The Song of Canvey

Sung by the Dutch to Sir Cornelius Vermuyden

Keith Bonsor with the 19th century manuscript

The 19th century manuscript shown by Keith Bonsor in this picture, was given to his mother, Margaret by Gertrude Brown, daughter of Rev J R Brown.

According to a letter from Getrude to Margaret Bonsor, which is dated 1967, the manuscript was given to her father by the composer C. T. Loveday. It is notated on the front to have been ‘Sung by the Dutch to Cornelius Vermuyden’. The words appear to have been written by C. Ashdown.

Are the words from the 17th century and the music added later? Why did C T Loveday write this music, was it for a play? Does anyone know who CT Loveday or C Ashdoon were? Any comments please add them below.

Keith has given the Archive a copy of the manuscript and we are hoping to get a school to sing it for us so we can get a recording to add to the page.

The words are as follows:

The Canvey Song

Composers signature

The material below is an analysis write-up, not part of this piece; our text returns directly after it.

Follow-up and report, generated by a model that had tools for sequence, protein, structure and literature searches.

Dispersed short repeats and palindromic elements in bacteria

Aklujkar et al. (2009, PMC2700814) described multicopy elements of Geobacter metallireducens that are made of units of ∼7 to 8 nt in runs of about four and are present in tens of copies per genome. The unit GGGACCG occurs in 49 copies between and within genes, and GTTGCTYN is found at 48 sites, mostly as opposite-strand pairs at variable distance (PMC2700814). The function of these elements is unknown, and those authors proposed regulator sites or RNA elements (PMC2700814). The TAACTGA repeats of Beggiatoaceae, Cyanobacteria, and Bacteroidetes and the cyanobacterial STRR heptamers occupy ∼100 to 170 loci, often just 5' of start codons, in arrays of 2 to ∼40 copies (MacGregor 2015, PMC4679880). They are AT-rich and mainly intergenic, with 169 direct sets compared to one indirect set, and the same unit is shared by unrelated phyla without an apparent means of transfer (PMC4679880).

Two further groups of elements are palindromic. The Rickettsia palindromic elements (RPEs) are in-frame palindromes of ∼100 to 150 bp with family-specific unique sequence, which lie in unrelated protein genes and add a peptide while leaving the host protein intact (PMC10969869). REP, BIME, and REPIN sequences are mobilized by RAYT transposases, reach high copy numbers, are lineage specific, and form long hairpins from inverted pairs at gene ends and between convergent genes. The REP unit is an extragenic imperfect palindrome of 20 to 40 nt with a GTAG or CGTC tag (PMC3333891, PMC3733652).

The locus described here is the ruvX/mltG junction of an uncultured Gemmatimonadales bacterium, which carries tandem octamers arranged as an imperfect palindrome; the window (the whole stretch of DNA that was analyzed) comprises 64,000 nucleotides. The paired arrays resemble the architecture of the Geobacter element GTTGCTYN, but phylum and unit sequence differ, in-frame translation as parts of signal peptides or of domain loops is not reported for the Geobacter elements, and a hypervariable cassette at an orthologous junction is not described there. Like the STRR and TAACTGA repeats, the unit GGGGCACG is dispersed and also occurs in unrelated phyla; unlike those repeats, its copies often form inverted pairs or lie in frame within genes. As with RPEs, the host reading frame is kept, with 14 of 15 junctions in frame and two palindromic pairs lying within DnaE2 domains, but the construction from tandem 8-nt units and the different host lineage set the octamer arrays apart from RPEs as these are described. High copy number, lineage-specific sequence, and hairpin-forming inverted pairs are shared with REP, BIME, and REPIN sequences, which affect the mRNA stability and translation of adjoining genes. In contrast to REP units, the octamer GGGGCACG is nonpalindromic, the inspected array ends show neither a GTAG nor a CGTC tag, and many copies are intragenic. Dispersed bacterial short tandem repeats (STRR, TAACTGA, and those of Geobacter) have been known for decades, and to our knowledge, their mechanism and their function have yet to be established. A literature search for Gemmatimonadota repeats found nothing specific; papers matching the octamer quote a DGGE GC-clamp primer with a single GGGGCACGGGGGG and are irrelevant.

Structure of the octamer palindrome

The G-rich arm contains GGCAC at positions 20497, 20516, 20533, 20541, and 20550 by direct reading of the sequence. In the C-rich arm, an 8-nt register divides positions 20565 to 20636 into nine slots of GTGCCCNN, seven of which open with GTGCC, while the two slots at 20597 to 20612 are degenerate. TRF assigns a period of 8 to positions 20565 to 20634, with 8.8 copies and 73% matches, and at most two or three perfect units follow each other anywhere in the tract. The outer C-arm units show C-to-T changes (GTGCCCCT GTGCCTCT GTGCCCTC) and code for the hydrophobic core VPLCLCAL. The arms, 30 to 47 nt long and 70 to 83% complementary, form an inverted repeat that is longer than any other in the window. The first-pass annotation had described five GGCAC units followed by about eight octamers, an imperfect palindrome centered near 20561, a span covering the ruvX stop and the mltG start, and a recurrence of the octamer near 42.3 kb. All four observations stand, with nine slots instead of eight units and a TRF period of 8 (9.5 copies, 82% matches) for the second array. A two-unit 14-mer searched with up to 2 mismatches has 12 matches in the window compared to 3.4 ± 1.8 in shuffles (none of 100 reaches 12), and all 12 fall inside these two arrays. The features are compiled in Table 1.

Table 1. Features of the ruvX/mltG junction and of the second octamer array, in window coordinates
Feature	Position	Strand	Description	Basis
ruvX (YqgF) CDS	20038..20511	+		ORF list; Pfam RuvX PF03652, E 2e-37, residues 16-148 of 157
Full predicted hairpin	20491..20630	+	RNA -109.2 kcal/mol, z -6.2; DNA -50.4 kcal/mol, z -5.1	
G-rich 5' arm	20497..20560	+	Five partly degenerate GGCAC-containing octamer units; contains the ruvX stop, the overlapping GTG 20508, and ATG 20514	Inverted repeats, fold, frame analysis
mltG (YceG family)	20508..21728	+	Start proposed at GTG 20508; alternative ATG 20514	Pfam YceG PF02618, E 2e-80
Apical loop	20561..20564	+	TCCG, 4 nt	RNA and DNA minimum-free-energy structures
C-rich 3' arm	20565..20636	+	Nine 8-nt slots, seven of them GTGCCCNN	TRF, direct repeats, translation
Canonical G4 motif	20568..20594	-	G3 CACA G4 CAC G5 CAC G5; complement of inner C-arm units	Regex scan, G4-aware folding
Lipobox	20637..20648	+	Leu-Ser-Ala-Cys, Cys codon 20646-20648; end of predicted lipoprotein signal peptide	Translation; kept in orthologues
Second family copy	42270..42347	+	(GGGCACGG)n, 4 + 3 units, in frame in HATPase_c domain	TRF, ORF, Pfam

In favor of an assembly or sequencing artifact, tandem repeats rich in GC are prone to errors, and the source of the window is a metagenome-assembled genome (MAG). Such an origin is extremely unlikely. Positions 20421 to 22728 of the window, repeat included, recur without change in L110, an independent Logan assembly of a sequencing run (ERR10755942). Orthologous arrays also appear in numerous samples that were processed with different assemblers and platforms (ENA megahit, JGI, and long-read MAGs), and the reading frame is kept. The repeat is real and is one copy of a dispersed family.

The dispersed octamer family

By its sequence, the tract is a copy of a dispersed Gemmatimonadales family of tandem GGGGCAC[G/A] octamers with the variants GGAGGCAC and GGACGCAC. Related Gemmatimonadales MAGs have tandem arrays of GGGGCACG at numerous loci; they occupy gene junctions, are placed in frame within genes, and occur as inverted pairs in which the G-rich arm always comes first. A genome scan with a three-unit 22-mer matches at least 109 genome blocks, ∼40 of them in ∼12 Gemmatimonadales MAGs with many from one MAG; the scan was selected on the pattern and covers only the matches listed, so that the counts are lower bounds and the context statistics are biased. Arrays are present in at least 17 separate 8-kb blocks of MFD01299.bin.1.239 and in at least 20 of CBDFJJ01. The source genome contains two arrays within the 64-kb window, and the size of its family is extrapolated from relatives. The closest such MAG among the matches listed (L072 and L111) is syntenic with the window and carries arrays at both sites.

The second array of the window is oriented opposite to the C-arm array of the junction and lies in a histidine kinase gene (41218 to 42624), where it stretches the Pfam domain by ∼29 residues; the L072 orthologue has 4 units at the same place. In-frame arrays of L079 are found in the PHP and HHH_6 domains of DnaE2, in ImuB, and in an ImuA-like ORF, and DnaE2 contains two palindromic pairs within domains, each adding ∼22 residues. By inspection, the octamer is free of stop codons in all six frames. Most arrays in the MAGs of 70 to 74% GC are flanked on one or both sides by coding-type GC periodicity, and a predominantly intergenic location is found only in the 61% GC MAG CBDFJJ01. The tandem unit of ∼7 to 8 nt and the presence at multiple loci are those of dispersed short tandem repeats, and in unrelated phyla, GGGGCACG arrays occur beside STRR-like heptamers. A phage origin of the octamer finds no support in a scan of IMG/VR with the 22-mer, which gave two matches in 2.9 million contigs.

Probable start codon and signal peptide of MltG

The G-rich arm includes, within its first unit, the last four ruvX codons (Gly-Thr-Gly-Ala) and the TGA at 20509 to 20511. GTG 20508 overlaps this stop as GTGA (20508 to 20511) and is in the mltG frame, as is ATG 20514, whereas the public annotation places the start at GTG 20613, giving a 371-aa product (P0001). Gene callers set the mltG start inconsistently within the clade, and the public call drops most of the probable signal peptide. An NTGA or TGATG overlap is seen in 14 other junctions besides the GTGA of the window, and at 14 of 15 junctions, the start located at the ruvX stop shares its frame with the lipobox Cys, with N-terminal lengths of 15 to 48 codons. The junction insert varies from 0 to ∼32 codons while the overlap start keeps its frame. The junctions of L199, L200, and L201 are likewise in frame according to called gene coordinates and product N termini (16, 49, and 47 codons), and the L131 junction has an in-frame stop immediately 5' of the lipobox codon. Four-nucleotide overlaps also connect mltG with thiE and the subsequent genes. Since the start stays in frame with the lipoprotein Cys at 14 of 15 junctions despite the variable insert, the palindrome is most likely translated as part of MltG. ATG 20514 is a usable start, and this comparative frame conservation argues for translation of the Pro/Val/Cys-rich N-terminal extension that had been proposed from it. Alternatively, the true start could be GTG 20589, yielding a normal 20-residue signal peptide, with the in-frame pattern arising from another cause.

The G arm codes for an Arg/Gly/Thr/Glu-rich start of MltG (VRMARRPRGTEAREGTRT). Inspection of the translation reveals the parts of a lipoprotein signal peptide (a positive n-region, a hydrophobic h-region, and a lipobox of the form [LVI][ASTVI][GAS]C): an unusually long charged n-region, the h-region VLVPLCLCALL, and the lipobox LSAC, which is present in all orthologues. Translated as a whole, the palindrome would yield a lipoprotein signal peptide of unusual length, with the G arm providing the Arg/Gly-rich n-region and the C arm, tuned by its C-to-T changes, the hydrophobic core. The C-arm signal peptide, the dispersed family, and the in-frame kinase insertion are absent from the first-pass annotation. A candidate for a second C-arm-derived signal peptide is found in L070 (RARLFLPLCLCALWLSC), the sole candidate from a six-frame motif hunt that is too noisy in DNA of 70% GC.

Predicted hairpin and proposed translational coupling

Oh! The lands where we were born
From the greedy sea were torn
And the waves behind the dykes do still beset them;
But our eyes with tears were blind
When we left out homes behind
And cannot now in Canvey Isle forget them!

Then Hi! For the land of the windmill and the dyke,
And Ho! For the lowlands low;
Where the men are strong and fearless
And the maidens gay and peerless,
In the land of the lowlands low.
In the land of the lowlands low.

Though our fancy often roams
To the country of our homes,
Yet the sorrow of our exile fast has faded.
To the Netherlands we’re true,
But we find there’s work to do,
And we’ll do it in the land we have invaded!


Where but yesterday the sea
Flung its eager waters, we
Find another home, and hold our merry meeting;
To thy brain and cunning hand
Do we owe our new-won land,
And we lift our cups and voices to thy greeting!


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